Environmental groups and several 2020 candidates have also called for a climate-centric debate. Sen. Elizabeth WarrenElizabeth WarrenOvernight Health Care: Trump takes criticism of Fauci to a new level | GOP Health Committee chairman defends Fauci | Birx confronted Pence about Atlas Senate Democrats call for ramped up Capitol coronavirus testing Government watchdog to investigate allegations of Trump interference at CDC, FDA MORE (D-Mass.) joined that chorus last week, following a similar request from Washington Gov. Jay InsleeJay Robert InsleeOVERNIGHT ENERGY: Biden would face hurdles undoing Trump environmental rollbacks | Biden team weighs climate 'czar': report | Donald Trump Jr. urges hunters to vote for his father Biden would face hurdles undoing Trump environmental rollbacks Barr asked prosecutors to explore charging Seattle mayor over protest zone: report MORE (D).

The senators said in Thursday's letter, first reported by the Daily Beast, that the 2016 debates devoted just five minutes to climate change, while recent polling shows the topic is of increasing concern to party voters.

"Democratic voters across the country have accepted the facts about climate change, are seeing its impacts, and are having real debates on solutions. In this consequential election year, it's time for our candidates to do the same," they wrote.

What the polls say: An April poll from CNN found that 82 percent of registered voters who identified as Democrats or Democratic-leaning independents listed climate change as a "very important" top priority they would like to see as the focus of a presidential candidate.

The first 2020 Democratic primary debates are slated for the end of June.

 

LATEST 2020 CLIMATE PROPOSAL COMES FROM DELANEY: John DelaneyJohn DelaneyCoronavirus Report: The Hill's Steve Clemons interviews Rep. Rodney Davis Eurasia Group founder Ian Bremmer says Trump right on China but wrong on WHO; CDC issues new guidance for large gatherings The Hill's Coronavirus Report: Kansas City Mayor Quinton Lucas says country needs to rethink what 'policing' means; US cases surpass 2 million with no end to pandemic in sight MORE is adding his name to a growing list of Democratic presidential hopefuls rolling out climate action plans, with a $4 trillion proposal announced on Thursday.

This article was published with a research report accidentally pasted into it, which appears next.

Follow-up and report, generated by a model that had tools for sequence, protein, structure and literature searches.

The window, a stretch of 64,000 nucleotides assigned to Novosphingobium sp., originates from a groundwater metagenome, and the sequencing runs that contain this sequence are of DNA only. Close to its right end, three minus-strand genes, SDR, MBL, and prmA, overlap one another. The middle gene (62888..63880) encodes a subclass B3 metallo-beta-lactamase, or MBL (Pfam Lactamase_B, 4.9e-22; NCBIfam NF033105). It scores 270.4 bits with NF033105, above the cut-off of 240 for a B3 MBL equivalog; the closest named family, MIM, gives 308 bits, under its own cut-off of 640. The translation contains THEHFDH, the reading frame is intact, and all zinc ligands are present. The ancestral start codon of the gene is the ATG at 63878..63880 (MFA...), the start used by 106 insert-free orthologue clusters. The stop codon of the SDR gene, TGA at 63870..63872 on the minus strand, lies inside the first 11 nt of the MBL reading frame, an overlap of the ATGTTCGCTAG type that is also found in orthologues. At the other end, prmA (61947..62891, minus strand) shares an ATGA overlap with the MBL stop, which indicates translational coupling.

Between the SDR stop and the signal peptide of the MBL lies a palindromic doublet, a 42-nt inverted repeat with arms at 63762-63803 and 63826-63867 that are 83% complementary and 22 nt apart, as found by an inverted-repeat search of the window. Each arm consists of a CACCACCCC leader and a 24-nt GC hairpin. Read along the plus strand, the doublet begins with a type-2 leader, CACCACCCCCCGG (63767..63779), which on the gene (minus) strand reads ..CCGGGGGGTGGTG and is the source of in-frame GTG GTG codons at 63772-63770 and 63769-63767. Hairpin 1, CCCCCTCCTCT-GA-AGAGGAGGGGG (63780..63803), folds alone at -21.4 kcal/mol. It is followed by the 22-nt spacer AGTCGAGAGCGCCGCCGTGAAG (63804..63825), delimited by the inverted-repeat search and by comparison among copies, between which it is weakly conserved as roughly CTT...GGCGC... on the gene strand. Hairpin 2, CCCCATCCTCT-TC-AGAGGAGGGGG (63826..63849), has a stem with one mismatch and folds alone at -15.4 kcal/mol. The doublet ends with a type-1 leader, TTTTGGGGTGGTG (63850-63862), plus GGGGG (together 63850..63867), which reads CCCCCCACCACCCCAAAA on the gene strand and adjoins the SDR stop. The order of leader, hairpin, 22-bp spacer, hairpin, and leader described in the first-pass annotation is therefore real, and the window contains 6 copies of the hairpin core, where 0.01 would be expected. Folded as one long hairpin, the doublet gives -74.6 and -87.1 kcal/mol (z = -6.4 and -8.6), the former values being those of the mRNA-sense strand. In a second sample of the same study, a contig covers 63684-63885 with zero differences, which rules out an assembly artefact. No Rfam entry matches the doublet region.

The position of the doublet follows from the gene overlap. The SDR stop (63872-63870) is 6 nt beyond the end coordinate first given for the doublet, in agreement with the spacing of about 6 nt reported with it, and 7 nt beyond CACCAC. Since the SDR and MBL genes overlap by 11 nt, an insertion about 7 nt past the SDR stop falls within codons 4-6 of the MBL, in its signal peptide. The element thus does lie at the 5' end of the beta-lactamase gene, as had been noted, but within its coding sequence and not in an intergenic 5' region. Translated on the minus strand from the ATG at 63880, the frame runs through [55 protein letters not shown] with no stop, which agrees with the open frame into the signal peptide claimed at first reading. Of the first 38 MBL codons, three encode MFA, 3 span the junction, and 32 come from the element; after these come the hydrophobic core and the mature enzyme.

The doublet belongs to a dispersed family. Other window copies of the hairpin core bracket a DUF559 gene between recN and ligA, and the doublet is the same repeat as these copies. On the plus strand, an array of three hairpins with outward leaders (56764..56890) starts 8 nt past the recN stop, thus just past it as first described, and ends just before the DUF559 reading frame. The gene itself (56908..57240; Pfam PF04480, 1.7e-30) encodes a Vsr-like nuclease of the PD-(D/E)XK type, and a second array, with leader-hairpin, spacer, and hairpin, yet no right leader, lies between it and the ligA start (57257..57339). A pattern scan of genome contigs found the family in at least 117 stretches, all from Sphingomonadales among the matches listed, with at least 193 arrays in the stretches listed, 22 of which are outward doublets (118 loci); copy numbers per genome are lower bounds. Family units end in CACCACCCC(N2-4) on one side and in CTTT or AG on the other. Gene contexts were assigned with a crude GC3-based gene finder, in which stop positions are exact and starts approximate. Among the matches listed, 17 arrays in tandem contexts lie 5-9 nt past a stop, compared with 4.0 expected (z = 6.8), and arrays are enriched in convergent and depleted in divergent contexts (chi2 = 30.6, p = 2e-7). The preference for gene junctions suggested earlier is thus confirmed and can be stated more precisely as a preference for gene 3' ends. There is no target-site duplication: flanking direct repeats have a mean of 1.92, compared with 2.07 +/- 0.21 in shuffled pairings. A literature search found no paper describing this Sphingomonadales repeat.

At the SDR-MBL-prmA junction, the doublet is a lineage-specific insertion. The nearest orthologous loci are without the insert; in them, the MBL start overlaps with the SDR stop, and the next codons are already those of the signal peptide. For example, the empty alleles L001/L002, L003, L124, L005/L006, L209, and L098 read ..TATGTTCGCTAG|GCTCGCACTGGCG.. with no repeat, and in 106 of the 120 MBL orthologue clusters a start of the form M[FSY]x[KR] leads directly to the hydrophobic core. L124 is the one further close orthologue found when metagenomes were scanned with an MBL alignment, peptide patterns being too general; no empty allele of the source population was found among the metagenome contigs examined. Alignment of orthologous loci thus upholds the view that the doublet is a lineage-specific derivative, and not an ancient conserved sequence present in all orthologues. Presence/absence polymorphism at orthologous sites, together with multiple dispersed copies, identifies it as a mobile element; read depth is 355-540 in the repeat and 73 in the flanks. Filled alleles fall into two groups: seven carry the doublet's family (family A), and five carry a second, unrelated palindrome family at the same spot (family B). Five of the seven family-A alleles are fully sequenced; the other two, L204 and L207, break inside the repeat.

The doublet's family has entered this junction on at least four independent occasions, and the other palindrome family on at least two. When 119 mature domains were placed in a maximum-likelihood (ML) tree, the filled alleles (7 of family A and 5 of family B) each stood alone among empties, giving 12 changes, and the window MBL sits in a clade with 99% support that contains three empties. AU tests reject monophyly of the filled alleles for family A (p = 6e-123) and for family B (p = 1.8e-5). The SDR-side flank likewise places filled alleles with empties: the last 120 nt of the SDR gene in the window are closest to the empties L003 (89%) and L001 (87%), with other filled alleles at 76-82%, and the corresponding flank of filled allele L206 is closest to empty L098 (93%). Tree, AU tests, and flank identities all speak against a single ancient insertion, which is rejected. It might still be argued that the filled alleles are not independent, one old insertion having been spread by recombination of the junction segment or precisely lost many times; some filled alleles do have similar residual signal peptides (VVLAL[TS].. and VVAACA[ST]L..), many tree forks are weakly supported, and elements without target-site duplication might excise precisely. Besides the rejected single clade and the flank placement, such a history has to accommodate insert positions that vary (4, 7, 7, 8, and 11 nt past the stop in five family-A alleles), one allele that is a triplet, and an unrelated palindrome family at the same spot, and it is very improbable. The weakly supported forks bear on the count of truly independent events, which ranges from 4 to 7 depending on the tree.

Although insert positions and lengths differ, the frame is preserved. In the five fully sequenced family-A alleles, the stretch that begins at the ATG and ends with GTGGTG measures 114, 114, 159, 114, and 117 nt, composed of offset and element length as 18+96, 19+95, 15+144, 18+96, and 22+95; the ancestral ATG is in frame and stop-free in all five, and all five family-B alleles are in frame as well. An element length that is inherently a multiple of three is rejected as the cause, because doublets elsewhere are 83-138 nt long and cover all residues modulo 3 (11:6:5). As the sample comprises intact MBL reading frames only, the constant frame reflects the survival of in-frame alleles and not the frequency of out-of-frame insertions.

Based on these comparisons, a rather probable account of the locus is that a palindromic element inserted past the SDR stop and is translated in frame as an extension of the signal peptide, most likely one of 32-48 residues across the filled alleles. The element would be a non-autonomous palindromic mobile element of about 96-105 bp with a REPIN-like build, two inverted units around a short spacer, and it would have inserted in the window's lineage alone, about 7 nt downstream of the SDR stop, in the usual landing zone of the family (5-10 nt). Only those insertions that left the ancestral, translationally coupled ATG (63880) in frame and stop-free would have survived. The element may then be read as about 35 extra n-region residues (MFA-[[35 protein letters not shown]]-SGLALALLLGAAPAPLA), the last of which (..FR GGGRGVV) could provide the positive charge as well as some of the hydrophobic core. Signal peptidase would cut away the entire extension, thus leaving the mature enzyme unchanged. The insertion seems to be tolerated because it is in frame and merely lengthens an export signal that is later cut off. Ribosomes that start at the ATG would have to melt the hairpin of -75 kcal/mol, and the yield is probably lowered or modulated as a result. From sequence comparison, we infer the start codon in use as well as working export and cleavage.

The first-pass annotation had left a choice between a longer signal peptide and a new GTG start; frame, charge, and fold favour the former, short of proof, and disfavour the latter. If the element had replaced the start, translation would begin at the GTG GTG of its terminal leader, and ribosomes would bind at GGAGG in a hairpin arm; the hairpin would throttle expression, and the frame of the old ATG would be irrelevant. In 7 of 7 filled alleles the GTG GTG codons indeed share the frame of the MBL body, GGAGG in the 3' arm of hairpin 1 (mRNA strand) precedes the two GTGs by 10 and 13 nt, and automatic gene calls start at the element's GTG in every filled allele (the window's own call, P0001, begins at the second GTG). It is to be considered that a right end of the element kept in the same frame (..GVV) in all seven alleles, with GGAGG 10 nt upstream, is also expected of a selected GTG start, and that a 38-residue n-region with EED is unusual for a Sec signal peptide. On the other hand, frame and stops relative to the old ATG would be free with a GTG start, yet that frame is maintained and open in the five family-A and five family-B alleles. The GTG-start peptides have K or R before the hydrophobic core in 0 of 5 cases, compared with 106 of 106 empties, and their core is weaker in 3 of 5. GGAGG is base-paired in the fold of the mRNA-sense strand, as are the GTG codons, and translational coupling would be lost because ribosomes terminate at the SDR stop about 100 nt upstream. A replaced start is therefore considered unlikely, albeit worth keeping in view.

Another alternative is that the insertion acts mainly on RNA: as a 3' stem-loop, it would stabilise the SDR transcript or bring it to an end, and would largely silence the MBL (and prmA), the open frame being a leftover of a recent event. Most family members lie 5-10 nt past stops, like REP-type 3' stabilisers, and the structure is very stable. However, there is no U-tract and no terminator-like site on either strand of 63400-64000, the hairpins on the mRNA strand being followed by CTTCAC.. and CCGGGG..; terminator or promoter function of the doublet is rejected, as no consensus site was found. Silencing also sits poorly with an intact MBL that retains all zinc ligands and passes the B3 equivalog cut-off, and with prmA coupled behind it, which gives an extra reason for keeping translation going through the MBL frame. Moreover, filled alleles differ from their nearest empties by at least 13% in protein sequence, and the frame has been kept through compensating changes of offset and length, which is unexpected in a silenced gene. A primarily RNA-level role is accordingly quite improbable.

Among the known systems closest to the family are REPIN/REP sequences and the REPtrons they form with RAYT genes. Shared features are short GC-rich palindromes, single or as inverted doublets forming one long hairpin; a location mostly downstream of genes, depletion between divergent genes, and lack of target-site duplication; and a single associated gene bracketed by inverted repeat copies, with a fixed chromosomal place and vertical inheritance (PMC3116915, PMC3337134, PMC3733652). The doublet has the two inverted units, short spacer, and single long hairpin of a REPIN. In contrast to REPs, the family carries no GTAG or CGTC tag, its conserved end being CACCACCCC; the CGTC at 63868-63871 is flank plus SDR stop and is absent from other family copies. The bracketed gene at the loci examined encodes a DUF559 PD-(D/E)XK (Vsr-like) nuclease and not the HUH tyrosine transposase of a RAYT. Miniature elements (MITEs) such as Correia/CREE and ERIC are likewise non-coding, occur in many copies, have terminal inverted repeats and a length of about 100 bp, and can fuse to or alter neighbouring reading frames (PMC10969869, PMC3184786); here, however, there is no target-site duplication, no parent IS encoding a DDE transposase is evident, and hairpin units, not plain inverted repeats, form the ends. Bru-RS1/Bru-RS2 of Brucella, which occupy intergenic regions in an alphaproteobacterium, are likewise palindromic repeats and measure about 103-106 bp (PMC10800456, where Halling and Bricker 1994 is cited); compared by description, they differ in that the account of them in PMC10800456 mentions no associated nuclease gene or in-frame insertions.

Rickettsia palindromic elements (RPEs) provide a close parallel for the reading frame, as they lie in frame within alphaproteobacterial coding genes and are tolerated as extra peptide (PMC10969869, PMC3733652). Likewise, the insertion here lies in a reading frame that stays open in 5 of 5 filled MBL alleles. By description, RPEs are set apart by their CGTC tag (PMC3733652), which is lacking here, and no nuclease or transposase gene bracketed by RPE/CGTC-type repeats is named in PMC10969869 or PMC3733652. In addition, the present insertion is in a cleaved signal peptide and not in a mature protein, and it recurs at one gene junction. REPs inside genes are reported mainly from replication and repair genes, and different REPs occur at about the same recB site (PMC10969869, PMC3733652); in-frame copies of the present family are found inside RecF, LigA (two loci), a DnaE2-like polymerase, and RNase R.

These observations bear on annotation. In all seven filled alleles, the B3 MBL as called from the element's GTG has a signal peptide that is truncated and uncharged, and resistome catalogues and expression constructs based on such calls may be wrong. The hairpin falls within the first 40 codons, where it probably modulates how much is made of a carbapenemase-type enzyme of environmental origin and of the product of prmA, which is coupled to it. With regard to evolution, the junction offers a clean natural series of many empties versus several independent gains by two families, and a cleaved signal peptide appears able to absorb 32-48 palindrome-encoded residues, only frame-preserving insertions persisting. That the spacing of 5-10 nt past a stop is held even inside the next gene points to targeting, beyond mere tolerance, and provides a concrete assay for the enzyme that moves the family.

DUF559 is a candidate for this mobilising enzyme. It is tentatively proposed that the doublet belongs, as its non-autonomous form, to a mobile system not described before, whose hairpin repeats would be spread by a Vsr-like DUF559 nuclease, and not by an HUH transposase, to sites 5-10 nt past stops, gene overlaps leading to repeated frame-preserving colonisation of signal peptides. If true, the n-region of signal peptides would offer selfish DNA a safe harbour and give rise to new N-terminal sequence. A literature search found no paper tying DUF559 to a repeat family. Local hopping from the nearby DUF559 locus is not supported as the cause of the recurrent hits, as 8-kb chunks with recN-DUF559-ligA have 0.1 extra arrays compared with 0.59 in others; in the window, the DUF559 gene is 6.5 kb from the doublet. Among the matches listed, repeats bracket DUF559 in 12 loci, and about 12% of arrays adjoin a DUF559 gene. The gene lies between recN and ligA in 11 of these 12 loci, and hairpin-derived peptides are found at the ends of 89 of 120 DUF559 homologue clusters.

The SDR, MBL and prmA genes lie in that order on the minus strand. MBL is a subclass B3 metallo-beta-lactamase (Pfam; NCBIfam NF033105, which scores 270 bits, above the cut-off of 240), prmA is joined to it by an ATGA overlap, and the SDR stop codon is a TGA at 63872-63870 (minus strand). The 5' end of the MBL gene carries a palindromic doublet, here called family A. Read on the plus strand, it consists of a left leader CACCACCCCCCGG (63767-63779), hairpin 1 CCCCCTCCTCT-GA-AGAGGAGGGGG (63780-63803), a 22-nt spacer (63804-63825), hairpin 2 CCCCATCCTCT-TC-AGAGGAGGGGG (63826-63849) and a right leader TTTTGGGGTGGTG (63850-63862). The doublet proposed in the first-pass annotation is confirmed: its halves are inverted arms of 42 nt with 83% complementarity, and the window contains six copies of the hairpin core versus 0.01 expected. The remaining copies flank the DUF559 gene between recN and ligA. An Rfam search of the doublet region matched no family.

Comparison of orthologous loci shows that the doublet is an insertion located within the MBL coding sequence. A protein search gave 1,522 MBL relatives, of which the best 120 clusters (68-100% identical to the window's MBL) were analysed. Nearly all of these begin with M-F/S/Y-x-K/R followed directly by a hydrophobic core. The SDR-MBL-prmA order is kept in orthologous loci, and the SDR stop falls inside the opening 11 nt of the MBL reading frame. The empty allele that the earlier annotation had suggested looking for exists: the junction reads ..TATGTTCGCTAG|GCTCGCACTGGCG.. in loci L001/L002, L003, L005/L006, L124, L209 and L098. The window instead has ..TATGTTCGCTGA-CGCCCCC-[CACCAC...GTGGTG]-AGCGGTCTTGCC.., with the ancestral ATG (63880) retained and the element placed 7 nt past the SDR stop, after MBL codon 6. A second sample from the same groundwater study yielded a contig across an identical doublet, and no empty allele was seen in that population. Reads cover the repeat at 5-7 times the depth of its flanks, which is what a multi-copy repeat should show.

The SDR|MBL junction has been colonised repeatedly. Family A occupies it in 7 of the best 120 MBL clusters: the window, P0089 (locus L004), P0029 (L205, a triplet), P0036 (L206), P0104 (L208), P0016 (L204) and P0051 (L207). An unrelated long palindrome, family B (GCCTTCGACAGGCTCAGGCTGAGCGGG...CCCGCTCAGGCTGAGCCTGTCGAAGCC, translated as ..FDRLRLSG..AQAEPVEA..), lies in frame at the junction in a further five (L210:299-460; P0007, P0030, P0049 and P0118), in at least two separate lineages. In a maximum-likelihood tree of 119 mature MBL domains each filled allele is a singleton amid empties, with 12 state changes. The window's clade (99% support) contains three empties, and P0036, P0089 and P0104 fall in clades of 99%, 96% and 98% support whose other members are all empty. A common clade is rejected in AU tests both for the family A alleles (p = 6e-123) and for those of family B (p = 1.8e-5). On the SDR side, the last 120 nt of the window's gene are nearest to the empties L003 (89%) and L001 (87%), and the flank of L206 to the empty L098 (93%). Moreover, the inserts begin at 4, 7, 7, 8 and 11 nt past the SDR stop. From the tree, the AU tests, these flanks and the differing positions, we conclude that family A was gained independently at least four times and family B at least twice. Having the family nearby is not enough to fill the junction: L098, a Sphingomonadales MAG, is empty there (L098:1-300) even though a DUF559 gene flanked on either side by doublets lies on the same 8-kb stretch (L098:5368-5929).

The former Maryland congressman's plan focuses on six key areas to tackle the "climate crisis," including an introduction of a carbon tax, renewable energy investments and funding carbon capture technology.

"We have to act on climate and we have to act now," Delaney said in a statement. "We need a real plan to hit our goals and we have to listen to actual scientists. This is a real plan that all Americans can support. It is full of new ideas and massive investments in innovation that will both deal with climate change and create jobs in the heartland and all across our country."